Where once, as Prakash adds, the circus business was “90% Malayalis” — the town of Thalassery has a long connection with the business; Keeleri Kunhikkannan, known as the father of Indian circus and GBC’s founding partner, hails from here; Thalassery was also the place where the Government of Kerala set up its short-lived circus academy 10 years ago — the shortfall in talent opened up avenues for people of Nepali origin and Northeast India.

Making a compromise

Sabina Maharjan, 27, is one of them. Hailing from Hetauda, Nepal, she enthrals the crowd with her ring dance — where she makes over a dozen hoops go in circles around the curves of her body in a rhythmic fashion.

Her three siblings are all in this business. But starting young meant that she had to compromise on education. “I did very little schooling because I got in to circus when I was seven,” she says.

“If you want to be a good circus artiste, you cannot focus on studies,” Jayaraj remarks.

Lesson in history
  • According to Sanjeev, the company’s inaugural show, under the name Grand Bombay Circus, was held in Hyderabad city in Sindh province of modern-day Pakistan.
  • In 1947, Grand Bombay Circus merged with White Way and Hind Lion Circuses promoted by Keeleri Kunhikkannan’s family to become the Great Bombay Circus.
  • Since then, the operative control of GBC has rested with the Kunhikannan family — first under KM Balagopal, and then being subsequently taken over by his sons KM Sanjeev and KM Dilipnath.
  • GBC’s first show in Madras was held in 1979.
  • When business was at its peak, Sanjeev says GBC used to collect ₹4 lakh from a weekend. “Today, our revenue has fallen by more than 40%.”
  • Only about seven major circus companies (GBC, Jumbo, Famous to name a few) exist in India today. More than a dozen big circus companies have shut down over the past two decades.

The oldest living example in GBC for the demography that chose work over wisdom is Tulsidas Chowdhury. In 1959, this native of Bihar, went against the wishes of his family and joined the circus. He was a Class VI student then; his diminutive stature (he is three-and-a-half feet tall) and his own personal liking for the business was a big factor in his call.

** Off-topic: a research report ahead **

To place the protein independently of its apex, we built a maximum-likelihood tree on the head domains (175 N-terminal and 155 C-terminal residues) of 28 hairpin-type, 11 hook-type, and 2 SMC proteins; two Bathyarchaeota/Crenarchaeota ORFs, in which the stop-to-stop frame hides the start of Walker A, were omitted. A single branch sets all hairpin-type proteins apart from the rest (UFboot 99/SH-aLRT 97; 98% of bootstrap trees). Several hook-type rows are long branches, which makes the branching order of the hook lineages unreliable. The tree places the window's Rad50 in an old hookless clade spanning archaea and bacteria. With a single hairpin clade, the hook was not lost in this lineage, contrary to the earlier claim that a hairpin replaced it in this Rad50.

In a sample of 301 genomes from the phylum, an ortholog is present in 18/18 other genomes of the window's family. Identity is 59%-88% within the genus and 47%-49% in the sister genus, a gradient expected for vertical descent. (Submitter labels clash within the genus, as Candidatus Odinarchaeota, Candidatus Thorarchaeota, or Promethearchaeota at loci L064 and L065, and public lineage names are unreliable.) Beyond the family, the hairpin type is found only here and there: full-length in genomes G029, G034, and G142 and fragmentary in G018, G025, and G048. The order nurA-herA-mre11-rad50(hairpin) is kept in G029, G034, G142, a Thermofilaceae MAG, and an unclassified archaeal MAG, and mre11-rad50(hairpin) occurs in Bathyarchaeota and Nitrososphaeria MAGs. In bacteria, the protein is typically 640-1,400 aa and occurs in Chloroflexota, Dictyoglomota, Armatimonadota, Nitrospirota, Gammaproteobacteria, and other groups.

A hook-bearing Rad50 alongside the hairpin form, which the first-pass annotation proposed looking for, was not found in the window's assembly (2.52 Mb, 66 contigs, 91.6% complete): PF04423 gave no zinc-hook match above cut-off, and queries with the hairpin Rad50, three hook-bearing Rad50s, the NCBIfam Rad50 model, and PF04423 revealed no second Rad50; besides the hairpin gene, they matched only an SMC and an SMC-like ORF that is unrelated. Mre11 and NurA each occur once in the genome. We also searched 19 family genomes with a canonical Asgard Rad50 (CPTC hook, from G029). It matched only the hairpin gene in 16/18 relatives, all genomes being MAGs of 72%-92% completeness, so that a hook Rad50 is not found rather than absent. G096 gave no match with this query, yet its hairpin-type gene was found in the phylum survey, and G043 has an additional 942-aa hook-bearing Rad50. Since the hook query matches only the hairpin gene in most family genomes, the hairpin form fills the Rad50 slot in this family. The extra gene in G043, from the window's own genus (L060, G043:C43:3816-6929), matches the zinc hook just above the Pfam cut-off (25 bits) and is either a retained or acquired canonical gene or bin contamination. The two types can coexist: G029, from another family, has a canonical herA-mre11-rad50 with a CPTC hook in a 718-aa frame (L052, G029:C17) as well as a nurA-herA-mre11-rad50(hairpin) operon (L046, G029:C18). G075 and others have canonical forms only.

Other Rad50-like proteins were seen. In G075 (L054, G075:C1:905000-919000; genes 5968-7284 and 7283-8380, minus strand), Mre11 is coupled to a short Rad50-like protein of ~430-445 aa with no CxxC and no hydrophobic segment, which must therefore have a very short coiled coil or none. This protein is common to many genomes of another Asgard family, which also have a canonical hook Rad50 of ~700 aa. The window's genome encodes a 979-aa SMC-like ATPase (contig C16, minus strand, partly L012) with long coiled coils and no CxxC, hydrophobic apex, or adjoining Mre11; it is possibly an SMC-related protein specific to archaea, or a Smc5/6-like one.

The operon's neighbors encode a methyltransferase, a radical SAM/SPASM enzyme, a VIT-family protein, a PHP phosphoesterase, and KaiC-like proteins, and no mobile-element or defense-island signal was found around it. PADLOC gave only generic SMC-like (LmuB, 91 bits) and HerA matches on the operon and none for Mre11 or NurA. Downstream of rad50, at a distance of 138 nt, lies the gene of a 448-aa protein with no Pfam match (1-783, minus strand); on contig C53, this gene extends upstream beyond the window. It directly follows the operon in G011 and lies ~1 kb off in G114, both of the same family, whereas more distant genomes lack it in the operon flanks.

Tulsidas Chowdhury, at 74, is the oldest performer in Great Bombay Circus

Tulsidas Chowdhury, at 74, is the oldest performer in Great Bombay Circus   | Photo Credit: B Velankanni Raj

However, this trend is common everywhere.

Take the case of Yaret Tadesse: the 19-year-old Ethiopian acrobat only studied till secondary school in his home town of Addis Ababa. He is part of a group of six Ethiopians, who are performing at the GBC. His friend, Yosei, at 21, has been to Turkey, China, UAE, Spain, parts of Asia, and other African countries, performing with other circus companies, juggling and keeping the audience spellbound with his unicycle tricks.

But unlike in Chowdhury’s days, the modern-day audience has plenty to choose from, when it comes to witnessing daredevilry.

Trapeze artists performing during a Great Bombay Circus show in Chennai

Trapeze artists performing during a Great Bombay Circus show in Chennai   | Photo Credit: B Velankanni Raj

Television networks have conceptualised reality shows around this idea, and the advent of mobile phones has placed similar content in the hands of people (courtesy YouTube). The consequent drop in revenue (Indian performers are paid an average of ₹1,200 per day while the foreign artistes make ₹1,800 on average; payment varies on quality and calibre of artiste) makes the economics of sustenance disproportionate and not in favour of promoters like Sanjeev.

However, irrespective of GBC’s future, Sanjeev is certain that this is the last time Chennai residents will get to see his performers in action.

“We rent the ground from Southern Railway, and every time we come to Chennai, the ground has shrunk in size. I’m not sure if there will be any ground left in a few years to hold a circus,” he concludes.

Great Bombay Circus is on till February 17 at the SIAA Ground in Kannappar Thidal.

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Printable version | Jan 24, 2020 8:26:46 AM | https://www.thehindu.com/society/circus-is-about-to-go-extinct-in-india/article30514120.ece